From a study that was posted March 18, among 2,449 patients with known age, 6% were aged over 85, 25% were aged 65–84 years, 18% each were aged 55–64 years and 45–54 years, and 29% were aged 20–44 years. Only 5% of cases occurred in persons aged 0–19 years.

Among 508 (12%) patients known to have been hospitalized, 9% were aged over 85 years, 36% were aged 65–84 years, 17% were aged 55–64 years, 18% were 45–54 years, and 20% were aged 20–44 years. Less than 1% of hospitalizations were among persons aged less than 19 years. The percentage of persons hospitalized increased with age, from 2%–3% among persons aged under 19 years, to more than 31% among adults aged older than 85 years.

Among 121 patients known to have been admitted to an ICU, 7% of cases were reported among adults older than 85 years, 46% among adults aged 65–84 years, 36% among adults aged 45–64 years, and 12% among adults aged 20–44 years. No ICU admissions were reported among persons aged less than 19 years. Percentages of ICU admissions were lowest among adults aged 20–44 years (2%–4%) and highest among adults aged 75–84 years (11%–31%).

Among 44 cases with known outcome, 15 (34%) deaths were reported among adults over 85 years, 20 (46%) among adults aged 65–84 years, and nine (20%) among adults aged 20–64 years. Case-fatality percentages increased with increasing age, from no deaths reported among persons aged under 19 years to highest percentages (10%–27%) among adults aged over 85 years.

Numbers compiled by academics running the COVID-19 Canada Open Data Working Group tell the story. Most of the Canadians killed by COVID-19 were not just seniors; they were in a seniors’ residence or nursing home.

Does it not seem draconian to isolate children, to keep them at home for months when we know that the elderly are at most risk? Should we not isolate our elderly, as horrible as that sounds and encourage people with underlying conditions and weakened immune systems to shelter in place? And that may mean that their children would need to stay away from school to protect their parents. And families who live together, grandparents to grandchildren, perhaps these children need to shelter in place. But the millions of other children?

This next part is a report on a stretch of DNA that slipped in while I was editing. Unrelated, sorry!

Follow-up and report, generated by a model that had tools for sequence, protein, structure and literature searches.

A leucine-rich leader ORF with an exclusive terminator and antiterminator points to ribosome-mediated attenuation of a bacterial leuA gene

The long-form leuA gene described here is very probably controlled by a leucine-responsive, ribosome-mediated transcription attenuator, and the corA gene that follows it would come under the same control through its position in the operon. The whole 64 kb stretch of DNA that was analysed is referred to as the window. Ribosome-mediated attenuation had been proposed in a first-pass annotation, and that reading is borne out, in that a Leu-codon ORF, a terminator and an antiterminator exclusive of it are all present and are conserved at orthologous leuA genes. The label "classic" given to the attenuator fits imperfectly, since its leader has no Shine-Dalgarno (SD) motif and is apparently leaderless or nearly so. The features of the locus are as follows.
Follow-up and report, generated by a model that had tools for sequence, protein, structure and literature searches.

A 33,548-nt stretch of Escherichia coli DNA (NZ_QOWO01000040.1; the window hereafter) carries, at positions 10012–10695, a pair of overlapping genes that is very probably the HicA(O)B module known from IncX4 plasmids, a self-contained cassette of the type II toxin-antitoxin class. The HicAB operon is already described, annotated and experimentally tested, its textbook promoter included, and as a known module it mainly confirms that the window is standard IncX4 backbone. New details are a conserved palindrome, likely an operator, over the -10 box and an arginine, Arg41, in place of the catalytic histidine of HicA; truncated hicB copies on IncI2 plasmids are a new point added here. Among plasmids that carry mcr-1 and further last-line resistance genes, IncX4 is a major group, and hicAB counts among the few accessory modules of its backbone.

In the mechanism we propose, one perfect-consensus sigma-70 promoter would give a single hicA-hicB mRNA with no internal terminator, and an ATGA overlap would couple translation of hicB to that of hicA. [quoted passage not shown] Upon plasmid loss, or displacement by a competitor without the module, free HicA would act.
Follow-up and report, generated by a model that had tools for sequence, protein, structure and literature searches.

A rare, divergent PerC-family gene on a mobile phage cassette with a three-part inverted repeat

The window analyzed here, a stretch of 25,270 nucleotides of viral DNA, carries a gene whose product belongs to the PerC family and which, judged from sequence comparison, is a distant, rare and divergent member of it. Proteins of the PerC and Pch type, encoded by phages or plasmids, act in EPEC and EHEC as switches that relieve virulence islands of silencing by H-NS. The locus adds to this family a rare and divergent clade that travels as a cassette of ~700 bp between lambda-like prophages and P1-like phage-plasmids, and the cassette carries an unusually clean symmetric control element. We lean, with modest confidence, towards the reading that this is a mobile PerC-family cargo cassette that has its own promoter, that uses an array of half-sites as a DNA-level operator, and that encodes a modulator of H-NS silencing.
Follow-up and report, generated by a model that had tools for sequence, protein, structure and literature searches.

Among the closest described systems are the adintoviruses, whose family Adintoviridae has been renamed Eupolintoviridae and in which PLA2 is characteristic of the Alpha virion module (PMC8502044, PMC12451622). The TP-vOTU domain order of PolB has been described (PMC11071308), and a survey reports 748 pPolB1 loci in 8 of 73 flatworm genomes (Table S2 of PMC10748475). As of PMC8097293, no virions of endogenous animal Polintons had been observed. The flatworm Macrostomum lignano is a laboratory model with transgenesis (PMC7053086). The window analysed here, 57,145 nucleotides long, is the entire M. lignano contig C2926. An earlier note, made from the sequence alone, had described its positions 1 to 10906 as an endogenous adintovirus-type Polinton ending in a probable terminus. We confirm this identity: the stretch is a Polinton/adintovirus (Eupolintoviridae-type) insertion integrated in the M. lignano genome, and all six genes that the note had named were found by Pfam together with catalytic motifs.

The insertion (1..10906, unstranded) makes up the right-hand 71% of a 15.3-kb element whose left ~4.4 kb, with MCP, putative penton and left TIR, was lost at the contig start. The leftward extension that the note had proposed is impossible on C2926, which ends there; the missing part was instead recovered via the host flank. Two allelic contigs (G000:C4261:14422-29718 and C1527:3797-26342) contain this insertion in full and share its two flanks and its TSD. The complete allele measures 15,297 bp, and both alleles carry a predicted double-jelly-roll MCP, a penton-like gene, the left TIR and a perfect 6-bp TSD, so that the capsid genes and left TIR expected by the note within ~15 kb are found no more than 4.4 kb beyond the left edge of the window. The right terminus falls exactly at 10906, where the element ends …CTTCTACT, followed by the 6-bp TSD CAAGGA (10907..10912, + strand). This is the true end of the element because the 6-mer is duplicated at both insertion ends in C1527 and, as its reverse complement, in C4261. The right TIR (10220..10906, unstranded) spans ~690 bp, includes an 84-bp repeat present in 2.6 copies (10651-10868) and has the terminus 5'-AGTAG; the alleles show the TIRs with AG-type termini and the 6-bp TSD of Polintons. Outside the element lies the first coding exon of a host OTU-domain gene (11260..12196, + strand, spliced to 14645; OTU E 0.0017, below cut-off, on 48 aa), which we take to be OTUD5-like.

Yes, I know, it is unfair to the children who would have to stay home and miss school.

What baffles me about this quarantine is there was no quarantine during the H1N1 epidemic.   According to the Centers for Disease Control and Prevention H1N1 killed 282 U.S. children in 2009-2010 and H1N1 infected 61 million Americans during the pandemic and killed around 12,000.  Most at risk were children aged 6 months up to their 19th birthday (but the younger the child the higher the risk) and pregnant women.

White House coronavirus task force member Dr. Deborah Birx warned the public not to panic when they hear about models and projections of the pandemic’s spread.

“Models are models.When people start talking about 20% of a population getting infected, it’s very scary, but we don’t have data that matches that based on our experience. There is no model right now — no reality on the ground where we can see that 60% to 70% of Americans are going to get infected in the next eight to 12 weeks. I want to be clear about that.”

So I am asking again, is closing all schools until next September, as has been suggested by many government officials, in the best interest of our children, our future, when they are the least likely to get sick? The answer to this question is way beyond my pay grade but with so many experts, can they not find a way to protect our vulnerable children at the same time we protect our elderly?


From the Ethics of the Fathers: “Rabbi Tarfon used to say, it is not incumbent upon you to complete the task, but you are not exempt from undertaking it.”